With bow season right around the corner most bow hunters should already be practicing shooting form and accuracy drills

With bow season right around the corner most bow hunters should already be practicing shooting form and accuracy drills.  However most archers practice the same shots over and over again.  If you are shooting the same distances and shot angles your not making the most of your range time.  You’re shooting your bow, but you’re not doing much to prepare yourself for field conditions.  Here are some archery drills that will help you better prepare for this upcoming hunting season.

Shot Angles
An often over-looked archery drill is simply to get up into a tree stand and practice different shot angles.  Simulating these field situations forces your body to get used to bending at the hips instead of just aiming the bow lower.  Each time you practice, move the target nearer, further away, and side to side, which will constantly challenge you to adapt to a slightly different shot.  I usually practice standing up and sitting down positions to replicate any field encounters.  Another tip with this approach is to practice on an actual 3-D deer target instead of just a bag or block.  This helps you get used to shooting at a deer form and lets you clearly see which shot angle would penetrate the vitals.

Changing Distances
This may seem obvious, but every bow hunter is guilty of practicing on a target from the same known distances.  You’re not always going to know the exact shot yardage in a real hunting situation.  Now, rangefinders will help you determine distance but sometimes you won’t have the time to use one, and need to be able to make a shot quickly using only your ability to judge distances.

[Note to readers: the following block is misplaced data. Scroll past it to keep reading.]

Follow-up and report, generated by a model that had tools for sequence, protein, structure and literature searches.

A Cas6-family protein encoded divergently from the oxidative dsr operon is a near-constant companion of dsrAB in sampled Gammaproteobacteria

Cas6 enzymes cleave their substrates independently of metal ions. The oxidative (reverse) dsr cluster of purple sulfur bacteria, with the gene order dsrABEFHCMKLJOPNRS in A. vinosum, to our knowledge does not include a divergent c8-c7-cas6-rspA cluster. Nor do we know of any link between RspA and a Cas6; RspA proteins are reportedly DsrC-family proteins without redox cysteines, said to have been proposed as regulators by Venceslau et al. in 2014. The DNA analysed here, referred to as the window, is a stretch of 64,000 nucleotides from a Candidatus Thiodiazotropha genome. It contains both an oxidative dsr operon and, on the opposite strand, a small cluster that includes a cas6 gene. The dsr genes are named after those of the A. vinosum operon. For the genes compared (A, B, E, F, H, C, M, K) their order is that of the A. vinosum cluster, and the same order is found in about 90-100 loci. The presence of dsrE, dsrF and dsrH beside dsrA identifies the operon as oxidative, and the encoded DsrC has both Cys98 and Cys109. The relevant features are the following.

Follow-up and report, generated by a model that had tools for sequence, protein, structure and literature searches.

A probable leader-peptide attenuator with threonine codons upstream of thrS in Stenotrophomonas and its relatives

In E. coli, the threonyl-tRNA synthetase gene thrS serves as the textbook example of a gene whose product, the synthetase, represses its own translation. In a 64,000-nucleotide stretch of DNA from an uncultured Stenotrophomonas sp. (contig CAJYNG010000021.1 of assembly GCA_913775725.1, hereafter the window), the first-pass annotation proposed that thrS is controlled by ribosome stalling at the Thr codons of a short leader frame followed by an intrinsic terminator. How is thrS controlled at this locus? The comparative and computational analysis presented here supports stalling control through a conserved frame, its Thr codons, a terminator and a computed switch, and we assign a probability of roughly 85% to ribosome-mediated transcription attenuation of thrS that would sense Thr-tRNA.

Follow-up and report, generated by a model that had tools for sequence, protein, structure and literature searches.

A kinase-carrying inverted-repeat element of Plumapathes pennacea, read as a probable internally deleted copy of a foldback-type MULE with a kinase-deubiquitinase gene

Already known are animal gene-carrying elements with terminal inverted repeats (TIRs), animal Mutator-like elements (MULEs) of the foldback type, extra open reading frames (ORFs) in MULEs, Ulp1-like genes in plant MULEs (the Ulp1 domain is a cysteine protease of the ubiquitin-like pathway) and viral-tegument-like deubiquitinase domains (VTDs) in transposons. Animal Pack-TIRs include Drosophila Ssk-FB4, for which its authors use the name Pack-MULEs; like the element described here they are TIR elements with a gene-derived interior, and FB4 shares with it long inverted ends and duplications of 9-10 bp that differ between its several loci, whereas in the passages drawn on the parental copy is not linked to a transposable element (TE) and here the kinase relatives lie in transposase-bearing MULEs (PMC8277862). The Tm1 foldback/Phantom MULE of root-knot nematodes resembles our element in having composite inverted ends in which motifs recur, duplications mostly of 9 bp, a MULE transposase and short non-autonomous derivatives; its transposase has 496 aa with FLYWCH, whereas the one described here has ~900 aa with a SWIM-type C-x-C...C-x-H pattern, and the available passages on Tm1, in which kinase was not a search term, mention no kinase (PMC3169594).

You can and should use this archery drill with the shot angles approach above.  While in your tree stand, use your rangefinder to pinpoint key trees along shooting lanes.  Then estimate how far your target is between those objects.  You’ll get better and more accurate the more you switch things up.  Using this technique, if a deer steps out between tree X and Y, you know it’s between 20 and 30 yards and can adjust your shot accordingly.
Additionally, don’t be afraid to take some long distance shots in practice.  You probably won’t feel comfortable taking an ethical shot at a deer from 50-60 yards, but practicing for it will force you to fix small form errors.  This technique will translate to tighter groupings at shorter distances and make you a more confident archer.

Holding at Full Draw
Every bow hunter has drawn on an animal and been forced to hold… hold… HOLD… with shaking arms while waiting for that perfect shot opportunity.  After what seems like an eternity, you finally have a shot, immediately let the arrow fly and miss the mark.  Don’t let that happen this season.  You should practice this archery drill often to build muscle and stamina.  Draw your bow back and count to 15, 30 or 60 seconds before shooting.  If repeated regularly, this exercise will help build strength, but more importantly it will demonstrate the need to maintain form and follow-through under stress.
Of course, you could be faced with the exact opposite scenario this season.  You have 3 seconds to draw and shoot before the animal is gone into the brush forever.  If it takes you 5 seconds to anchor and align your pin, you won’t have a chance.  Practice shooting quickly so you can get an arrow on its way in a hurry if the situation dictates.  The point of this drill is to get a shot off in a hurry but focus on accuracy.  The goal is to shoot quickly without rushing the shot.

Take the time to make archery practice a habit.  By the time fall comes, you will be so tuned that you can focus solely on the moment of truth.  You will be better at judging distances and making difficult shot angles seem easy.  Practice these drills regularly and you will have a much better chance at shooting consistently when it counts this season.

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